As dental professionals, we are at an increased risk for developing carpal tunnel syndrome (CTS) due to our repetitive motions and the demands on our hands. CTS is a serious diagnosis for dental professionals, given how precise their hands must be to treat their patients. You may be wondering, "How can I prevent carpal tunnel syndrome?" It's also important to spot early signs of this condition and lessen daily damage to your hands and wrists.
First, what is carpal tunnel syndrome? According to the National Institutes of Health, CTS arises "when the median nerve, which runs from the forearm into the palm of the hand, becomes pressed or squeezed at the wrist." The median nerve, which is contained within housed inside the carpal tunnel, provides feeling to the fingers (with the exception of the little finger) and controls the muscles at the base of the thumb. So, when this very important nerve is compressed, it can spell trouble for dental professionals.
Don't ignore any tingling, numbness or pain you may feel in your fingers or thumb. These may be early signs of CTS and should be checked out by a physician to determine the cause and to obtain treatment. Early treatment may head off more severe and lasting nerve damage.
Is there a way to prevent some of this nerve damage? Possibly. According to the Mayo Clinic, it is difficult to prevent CTS, but recognizing the most common risk factors and minimizing stress on your wrists may help lower your chance of developing this condition.
RDH Magazine notes that trying a softer approach while gripping dental instruments may protect your hands and wrists. Ease your grip when possible, and make sure you have proper leverage when you're performing a procedure. Make sure your hands are above the patient's mouth and not lifting up to reach their teeth, which may also put stress on your back and shoulders.
Just like runners stretch their legs before a jog to avoid injury, stretching your wrists may help prevent or manage developing CTS. For a hand and wrist workout you can do at home or in the office, try these four stretches recommended by the Chartered Society of Physiotherapy.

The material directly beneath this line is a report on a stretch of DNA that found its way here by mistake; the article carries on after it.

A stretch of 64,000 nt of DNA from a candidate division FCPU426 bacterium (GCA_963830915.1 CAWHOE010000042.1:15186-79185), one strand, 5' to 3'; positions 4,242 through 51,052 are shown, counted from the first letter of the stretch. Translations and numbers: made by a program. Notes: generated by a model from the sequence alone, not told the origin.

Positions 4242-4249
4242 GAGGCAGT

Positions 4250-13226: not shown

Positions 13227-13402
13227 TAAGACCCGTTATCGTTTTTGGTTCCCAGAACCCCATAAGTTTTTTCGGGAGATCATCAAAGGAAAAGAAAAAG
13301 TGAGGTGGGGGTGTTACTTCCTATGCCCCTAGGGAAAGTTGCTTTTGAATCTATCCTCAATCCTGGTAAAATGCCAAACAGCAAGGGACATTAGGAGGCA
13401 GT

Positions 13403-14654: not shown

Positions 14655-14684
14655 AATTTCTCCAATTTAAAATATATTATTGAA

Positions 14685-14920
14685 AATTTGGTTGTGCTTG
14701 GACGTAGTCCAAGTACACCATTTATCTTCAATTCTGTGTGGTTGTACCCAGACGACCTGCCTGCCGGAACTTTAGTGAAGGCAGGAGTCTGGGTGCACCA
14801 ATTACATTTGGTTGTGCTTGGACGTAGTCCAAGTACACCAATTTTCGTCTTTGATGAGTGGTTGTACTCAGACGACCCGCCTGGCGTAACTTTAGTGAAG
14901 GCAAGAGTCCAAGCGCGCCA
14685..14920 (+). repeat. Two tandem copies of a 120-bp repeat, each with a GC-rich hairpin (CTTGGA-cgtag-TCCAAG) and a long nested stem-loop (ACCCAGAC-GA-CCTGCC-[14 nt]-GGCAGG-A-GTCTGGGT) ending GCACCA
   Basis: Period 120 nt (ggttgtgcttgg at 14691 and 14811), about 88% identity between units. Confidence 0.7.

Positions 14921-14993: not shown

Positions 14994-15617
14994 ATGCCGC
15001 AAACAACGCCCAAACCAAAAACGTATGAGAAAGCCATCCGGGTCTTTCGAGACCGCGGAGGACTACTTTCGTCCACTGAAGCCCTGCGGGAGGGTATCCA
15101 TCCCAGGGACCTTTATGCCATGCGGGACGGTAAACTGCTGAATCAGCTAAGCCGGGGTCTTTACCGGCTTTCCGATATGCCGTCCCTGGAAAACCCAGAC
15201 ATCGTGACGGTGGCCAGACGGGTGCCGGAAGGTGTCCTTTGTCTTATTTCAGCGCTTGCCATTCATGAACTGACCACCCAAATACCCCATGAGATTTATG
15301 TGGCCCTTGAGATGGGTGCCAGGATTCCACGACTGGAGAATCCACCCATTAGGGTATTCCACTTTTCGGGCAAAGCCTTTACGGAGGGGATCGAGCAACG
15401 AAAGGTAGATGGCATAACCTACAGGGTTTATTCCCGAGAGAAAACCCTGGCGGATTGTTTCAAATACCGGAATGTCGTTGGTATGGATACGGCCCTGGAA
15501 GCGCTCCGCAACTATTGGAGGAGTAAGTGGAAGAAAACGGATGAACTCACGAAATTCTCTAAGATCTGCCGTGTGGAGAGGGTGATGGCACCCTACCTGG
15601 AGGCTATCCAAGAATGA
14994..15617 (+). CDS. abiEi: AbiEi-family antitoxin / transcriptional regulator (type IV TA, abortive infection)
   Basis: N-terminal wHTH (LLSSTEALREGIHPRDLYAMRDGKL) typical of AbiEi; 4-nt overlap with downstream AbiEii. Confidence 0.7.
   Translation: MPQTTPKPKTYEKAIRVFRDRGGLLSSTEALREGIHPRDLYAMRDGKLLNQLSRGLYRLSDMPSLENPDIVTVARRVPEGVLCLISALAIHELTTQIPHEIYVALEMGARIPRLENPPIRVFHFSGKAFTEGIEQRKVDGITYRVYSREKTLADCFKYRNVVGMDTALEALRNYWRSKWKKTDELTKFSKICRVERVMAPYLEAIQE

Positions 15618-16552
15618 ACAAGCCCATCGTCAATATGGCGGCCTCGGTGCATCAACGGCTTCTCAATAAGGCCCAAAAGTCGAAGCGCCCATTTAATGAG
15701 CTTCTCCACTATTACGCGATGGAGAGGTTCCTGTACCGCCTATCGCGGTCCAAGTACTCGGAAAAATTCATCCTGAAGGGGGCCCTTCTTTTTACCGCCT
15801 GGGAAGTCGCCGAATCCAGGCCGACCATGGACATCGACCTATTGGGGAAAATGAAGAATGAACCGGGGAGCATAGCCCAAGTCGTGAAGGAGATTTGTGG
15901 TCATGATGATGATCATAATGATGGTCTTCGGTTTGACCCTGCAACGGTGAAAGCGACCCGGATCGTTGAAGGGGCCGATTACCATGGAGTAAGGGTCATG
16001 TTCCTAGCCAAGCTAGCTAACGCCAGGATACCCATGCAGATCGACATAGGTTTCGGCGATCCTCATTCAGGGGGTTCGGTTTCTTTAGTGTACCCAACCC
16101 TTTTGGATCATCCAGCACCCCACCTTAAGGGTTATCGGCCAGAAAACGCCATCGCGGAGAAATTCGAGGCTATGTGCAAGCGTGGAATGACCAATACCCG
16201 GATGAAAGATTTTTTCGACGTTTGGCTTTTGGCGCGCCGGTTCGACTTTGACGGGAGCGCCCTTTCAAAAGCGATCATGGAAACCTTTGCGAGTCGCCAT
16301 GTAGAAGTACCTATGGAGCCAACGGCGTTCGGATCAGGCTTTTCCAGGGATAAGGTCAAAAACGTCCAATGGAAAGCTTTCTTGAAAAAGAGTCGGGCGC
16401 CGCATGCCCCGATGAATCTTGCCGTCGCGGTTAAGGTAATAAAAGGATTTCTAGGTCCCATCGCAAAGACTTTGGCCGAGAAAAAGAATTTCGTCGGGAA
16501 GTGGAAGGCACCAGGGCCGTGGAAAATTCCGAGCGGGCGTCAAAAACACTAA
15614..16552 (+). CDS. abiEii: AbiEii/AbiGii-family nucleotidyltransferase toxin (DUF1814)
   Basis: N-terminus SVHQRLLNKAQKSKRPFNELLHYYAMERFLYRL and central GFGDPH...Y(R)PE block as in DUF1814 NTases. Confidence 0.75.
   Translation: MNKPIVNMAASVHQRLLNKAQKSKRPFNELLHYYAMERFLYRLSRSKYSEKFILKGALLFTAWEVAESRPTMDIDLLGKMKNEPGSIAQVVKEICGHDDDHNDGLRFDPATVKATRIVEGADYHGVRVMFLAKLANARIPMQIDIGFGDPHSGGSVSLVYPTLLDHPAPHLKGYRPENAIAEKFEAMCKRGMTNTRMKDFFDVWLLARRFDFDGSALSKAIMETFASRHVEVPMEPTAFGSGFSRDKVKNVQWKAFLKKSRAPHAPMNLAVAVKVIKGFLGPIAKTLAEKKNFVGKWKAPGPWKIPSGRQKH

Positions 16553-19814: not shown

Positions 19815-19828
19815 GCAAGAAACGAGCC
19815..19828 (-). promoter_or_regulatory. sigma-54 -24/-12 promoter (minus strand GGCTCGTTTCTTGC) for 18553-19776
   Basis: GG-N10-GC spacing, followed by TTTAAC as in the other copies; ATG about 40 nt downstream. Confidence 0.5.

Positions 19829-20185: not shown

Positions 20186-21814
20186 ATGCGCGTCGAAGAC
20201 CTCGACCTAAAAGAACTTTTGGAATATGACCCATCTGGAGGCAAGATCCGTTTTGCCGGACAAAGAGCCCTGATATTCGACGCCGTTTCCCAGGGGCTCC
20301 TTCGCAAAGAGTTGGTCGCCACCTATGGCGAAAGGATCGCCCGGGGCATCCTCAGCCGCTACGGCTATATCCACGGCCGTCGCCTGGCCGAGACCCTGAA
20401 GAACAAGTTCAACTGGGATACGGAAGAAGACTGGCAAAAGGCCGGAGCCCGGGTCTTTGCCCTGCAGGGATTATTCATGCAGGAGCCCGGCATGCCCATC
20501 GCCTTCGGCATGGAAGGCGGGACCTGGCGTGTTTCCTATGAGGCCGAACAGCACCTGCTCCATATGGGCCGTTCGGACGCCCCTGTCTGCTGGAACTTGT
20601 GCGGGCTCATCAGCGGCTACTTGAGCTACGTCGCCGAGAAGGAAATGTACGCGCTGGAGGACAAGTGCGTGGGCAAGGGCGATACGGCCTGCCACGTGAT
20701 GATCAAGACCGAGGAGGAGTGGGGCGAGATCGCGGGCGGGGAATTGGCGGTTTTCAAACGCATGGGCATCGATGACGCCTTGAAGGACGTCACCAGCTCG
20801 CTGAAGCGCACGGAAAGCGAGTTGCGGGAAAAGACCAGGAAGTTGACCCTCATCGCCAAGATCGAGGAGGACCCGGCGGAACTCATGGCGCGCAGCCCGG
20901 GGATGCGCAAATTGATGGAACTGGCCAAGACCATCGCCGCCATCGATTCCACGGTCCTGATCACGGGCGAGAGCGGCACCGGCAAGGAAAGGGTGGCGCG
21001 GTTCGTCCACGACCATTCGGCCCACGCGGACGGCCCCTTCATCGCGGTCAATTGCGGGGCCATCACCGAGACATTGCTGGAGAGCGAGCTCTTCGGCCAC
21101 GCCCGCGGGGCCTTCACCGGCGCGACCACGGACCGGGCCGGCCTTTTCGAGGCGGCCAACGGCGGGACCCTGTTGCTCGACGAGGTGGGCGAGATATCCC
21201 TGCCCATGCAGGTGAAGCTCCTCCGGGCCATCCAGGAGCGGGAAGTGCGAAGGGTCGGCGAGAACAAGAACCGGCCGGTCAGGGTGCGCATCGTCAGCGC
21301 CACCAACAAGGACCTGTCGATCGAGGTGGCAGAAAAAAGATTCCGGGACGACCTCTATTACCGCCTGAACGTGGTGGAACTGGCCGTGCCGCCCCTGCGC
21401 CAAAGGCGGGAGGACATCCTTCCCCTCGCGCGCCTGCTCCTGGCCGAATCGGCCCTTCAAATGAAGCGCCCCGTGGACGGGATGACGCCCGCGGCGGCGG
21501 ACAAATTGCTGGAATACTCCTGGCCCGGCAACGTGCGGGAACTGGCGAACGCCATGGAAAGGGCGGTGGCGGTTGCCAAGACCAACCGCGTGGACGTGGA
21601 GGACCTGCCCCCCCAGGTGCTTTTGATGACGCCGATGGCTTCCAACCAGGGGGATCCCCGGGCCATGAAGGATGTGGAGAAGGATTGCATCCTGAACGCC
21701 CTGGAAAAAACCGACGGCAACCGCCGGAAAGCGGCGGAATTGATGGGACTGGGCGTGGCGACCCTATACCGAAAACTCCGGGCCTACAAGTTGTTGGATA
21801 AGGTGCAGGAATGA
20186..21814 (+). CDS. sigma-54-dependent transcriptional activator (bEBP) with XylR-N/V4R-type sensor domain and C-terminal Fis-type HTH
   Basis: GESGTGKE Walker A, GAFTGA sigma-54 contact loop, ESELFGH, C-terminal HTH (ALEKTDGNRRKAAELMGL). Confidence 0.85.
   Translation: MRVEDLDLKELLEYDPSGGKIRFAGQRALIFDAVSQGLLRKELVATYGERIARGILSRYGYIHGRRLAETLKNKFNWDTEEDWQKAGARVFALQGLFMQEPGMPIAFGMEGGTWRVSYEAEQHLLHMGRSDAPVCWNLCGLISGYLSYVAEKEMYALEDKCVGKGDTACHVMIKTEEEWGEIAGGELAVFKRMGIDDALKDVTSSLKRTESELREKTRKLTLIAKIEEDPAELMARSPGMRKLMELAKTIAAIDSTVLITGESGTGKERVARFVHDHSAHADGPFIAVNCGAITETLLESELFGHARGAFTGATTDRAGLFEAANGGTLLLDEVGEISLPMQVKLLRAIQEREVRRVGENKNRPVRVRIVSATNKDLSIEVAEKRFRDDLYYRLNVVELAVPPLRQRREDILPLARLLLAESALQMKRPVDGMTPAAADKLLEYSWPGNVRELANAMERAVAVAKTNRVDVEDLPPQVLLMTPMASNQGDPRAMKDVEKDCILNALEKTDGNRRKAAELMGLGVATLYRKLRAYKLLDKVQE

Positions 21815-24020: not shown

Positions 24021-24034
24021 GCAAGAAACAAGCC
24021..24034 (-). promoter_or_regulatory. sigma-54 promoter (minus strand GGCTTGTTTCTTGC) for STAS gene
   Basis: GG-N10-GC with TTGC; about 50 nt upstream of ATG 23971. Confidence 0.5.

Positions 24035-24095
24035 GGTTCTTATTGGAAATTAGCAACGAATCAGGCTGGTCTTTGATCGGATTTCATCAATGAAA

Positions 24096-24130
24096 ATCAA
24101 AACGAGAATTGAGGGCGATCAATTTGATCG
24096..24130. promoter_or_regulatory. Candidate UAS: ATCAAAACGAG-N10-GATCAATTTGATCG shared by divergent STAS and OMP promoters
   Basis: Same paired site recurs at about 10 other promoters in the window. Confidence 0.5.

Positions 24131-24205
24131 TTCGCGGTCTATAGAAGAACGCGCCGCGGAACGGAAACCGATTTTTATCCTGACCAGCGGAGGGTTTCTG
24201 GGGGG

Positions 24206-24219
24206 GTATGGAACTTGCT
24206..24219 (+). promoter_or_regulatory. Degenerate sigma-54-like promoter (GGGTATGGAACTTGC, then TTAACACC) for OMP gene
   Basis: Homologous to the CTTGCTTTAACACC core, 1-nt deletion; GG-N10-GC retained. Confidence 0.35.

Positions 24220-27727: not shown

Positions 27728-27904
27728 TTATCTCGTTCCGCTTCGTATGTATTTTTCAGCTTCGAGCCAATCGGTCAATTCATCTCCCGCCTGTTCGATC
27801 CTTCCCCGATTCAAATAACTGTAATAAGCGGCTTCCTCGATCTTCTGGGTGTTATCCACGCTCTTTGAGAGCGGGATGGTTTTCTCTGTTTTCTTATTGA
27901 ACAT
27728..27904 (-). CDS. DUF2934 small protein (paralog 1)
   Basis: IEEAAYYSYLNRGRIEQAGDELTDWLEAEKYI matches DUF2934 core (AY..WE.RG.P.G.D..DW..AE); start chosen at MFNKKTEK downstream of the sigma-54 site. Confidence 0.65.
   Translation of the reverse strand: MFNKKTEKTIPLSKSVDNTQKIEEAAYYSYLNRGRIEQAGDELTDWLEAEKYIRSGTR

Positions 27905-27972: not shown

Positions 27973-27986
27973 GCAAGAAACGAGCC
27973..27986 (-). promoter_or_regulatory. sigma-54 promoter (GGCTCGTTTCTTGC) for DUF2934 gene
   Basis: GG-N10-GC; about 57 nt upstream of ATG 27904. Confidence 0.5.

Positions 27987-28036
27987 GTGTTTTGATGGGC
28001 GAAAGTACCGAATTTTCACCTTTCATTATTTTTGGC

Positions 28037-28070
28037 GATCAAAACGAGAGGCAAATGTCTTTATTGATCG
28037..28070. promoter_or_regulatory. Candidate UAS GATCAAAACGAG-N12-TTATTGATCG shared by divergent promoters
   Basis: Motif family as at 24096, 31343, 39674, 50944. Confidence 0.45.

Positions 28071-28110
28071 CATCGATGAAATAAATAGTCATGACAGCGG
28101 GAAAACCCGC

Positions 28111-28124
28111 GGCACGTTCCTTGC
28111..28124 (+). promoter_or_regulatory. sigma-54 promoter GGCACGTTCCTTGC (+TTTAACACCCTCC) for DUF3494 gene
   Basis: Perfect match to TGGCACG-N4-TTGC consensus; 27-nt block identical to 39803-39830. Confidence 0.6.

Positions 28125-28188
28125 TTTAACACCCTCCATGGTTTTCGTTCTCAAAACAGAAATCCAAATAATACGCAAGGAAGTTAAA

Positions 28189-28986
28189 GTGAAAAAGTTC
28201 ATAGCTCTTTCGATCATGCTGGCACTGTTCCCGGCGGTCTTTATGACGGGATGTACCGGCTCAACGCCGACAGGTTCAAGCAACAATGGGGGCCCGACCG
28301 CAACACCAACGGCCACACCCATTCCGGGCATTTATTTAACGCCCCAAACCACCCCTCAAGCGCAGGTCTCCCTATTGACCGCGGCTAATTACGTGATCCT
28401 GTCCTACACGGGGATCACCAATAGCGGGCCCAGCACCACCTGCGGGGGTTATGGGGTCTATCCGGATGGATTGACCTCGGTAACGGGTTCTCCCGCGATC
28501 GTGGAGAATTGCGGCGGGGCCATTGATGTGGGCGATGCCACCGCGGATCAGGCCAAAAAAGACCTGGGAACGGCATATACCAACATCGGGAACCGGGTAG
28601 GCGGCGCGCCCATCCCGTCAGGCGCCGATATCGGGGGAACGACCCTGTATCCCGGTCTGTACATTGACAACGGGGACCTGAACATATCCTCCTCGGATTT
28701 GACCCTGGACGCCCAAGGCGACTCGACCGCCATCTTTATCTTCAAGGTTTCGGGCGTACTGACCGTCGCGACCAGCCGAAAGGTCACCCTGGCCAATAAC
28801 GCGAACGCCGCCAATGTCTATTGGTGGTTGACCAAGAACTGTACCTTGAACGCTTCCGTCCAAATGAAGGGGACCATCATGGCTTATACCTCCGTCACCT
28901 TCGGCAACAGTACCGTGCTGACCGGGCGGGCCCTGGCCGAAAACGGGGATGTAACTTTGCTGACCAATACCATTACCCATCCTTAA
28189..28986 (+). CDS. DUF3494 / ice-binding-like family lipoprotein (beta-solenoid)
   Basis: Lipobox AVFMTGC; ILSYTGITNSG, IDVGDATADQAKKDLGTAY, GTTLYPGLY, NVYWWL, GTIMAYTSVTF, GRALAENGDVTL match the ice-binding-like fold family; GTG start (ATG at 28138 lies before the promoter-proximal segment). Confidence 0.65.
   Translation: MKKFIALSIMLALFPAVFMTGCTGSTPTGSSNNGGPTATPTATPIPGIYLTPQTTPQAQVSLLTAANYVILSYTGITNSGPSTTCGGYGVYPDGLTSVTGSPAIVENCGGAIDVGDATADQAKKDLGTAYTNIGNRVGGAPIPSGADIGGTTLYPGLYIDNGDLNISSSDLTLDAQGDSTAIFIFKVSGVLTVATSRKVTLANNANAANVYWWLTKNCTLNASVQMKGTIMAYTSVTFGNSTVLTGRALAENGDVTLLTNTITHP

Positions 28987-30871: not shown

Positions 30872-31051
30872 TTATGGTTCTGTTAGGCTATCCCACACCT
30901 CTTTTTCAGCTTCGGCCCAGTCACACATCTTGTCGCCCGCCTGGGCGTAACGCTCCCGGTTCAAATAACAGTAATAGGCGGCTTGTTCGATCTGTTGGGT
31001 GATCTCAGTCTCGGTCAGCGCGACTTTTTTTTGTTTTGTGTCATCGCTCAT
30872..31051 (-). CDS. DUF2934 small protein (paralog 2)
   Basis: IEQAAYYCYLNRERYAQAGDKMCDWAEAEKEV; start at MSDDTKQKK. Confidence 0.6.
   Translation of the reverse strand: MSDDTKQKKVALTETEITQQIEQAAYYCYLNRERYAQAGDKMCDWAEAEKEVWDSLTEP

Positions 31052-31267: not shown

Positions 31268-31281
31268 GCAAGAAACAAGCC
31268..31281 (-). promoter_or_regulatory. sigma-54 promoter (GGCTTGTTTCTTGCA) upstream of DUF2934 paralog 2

- Wrist bends. With your elbow resting on a table, extend your hand out and bend it at the wrist at a 90 degree angle for five seconds. Then, bend it backward as close to 90 degrees as possible. Hold for five seconds. Repeat this motion 10 times. Rest and repeat the entire set two more times with a rest in between each set.
- Rubber ball squeeze. Take a small rubber ball that fits in the palm of your hand and squeeze the ball with moderate pressure for five seconds. Release. Repeat 10 times. Repeat the entire set two more times with a brief rest in between each set.
- Wrist flexing. With one arm extended in front of you and palm facing down, use the opposite hand to pull your fingertips and wrist downward. Gently stretch the wrist down and into the body for 15 to 30 seconds. Do three sets on each wrist.
- Half finger bend. Place your hands palm outward, with fingers pointing to the sky. Bend your middle finger joints halfway down the hand toward the palm while keeping your hands upright. Hold for five seconds. Repeat for three sets of 10.
If you are already experiencing symptoms of CTS, the Chartered Society of Physiotherapy recommends trying these exercises daily for six to eight weeks. Ask your doctor if you should explore other management or preventive options, such as physical therapy.
The Mayo Clinic notes several risk factors that may increase your risk for developing CTS:
- Inflammatory conditions, such as rheumatoid arthritis, may put pressure on your nerves.
- Health conditions that cause nerve damage (including diabetes) may also damage the nerves in your wrists and hands.
- Women are at a higher risk for CTS than men. Pregnancy and menopause can cause fluid retention that creates pressure within the carpal tunnel.
- Previous wrist injuries or having small wrists may be a contributing factor.
- Obesity can significantly increase your risk, so maintaining a consistent exercise routine and eating well may go far in preventing wrist problems at work.
For a long, healthy career, we must learn ways to prevent our own diseases while also helping our patients to prevent theirs. Being aware of the causes and risks of CTS is a step in the right direction!